Fasting diet could prove the cure for type 2 diabetes
Tom Whipple, Science Editor
Gerry Gajadharsingh writes:
“Interesting research, but intermittent fasting is something that we have been dong with the Metabolic Balance Nutritional programme for at least 10 years. We encourage people to ONLY eat 3 times a day, leaving at least 5 hours between meals and importantly, not snacking between meals. For many people this is difficult in the beginning as so many people tend to graze so frequently these days. Essentially if you have a good breakfast you will not be hungry until lunch, if you have a good lunch you will not be hungry until dinner. What constitutes a good balanced meal is the essence of a bespoke individualised Metabolic Balance programme, which can vary from person to person, simply because we each have unique metabolisms. What is right for one person may not be right for another. However simple principles such as adequate good quality dietary protein and dietary fat and low glycaemic load carbohydrates (predominately vegetables) will go a long way to helping many metabolic problems in the individual.
Eating in this way does change the insulin response and we are seeing many people (including Type 11 Diabetics) responding to this change in their diet, without the extreme of gastric band surgery, extreme weight loss or the quite severe fasting that is suggested in this research.”
Periodic fasting could be used to reverse diabetes, scientists have said, after experiments showed that it “reset” pancreatic cells.
The research in mice is the latest evidence that type 2 diabetes may be reversible after another team from Newcastle reported curing it in a small number of patients in 2015 using gastric band surgery and extreme weight loss.
Three million people in the UK have type 2 diabetes. The number affected by the condition, which can be brought on by obesity, has soared in the past two decades but despite the cost to the NHS, it is still considered a chronic condition that can be managed but does not have a cure.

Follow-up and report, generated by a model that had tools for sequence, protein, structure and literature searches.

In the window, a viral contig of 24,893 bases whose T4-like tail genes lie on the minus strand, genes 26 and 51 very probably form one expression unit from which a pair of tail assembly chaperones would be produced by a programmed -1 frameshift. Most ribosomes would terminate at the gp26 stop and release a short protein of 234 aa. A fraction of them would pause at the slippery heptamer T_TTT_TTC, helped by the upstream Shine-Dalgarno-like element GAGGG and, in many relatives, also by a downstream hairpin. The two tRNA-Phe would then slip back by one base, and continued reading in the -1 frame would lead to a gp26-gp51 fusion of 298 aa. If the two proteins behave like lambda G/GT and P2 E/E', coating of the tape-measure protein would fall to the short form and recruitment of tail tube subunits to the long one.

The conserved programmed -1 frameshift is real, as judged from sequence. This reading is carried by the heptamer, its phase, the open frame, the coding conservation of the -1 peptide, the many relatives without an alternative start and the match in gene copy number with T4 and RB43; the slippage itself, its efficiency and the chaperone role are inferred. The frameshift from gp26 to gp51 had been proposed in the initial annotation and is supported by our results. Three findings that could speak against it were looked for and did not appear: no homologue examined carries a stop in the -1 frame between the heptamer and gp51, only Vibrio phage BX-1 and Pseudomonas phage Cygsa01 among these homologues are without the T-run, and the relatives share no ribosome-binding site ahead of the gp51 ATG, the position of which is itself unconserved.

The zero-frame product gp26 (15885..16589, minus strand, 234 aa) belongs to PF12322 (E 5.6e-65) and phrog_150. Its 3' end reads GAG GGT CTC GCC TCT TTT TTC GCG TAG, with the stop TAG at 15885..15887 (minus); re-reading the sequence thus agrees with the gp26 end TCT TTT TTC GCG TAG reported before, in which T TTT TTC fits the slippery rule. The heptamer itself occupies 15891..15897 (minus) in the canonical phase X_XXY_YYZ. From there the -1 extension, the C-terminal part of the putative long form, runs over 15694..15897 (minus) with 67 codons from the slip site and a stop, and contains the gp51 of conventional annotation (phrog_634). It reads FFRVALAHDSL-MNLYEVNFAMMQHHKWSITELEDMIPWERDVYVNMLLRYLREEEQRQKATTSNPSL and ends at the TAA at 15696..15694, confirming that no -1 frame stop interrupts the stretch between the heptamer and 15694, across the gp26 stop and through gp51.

However, scientists said yesterday that their “fasting mimicking diet” could be a way to get people off drugs, and they called for larger trials to test the concept in humans.
The diet involves a cycle of five days in which people drop to a third of their normal calorie intake, followed by 25 days when they eat normally.
The latest research, reported in the journal Cell, tested out the regime in mice but with a shorter time frame adapted to their physiology. Scientists used mice that had been modified to have type 2 diabetes and now the less common type 1 diabetes. Both of them involve problems regulating blood sugar levels due to difficulties producing or responding to insulin, which is made in the pancreas.
In both cases, the fasting diet seemed to “reboot” the body, returning it to a healthy state. “Cycles of fasting mimicking diet and a normal diet essentially reprogrammed non-insulin producing cells into insulin-producing cells,” said Valter Longo, from the University of Southern California.
“By activating the regeneration of pancreatic cells, we were able to rescue mice from late stage type 1 and type 2 diabetes. Our conclusion is that by pushing the mice into an extreme state and then bringing them back — by starving them and then feeding them again — the cells in the pancreas are triggered to use some kind of developmental reprogramming that rebuilds the part of the organ that’s no longer functioning.”
When combined with other evidence that fasting may have similar effects in humans, he said that it was time to start systematic trials to combat the condition, an increasing burden on health services of much of the western world.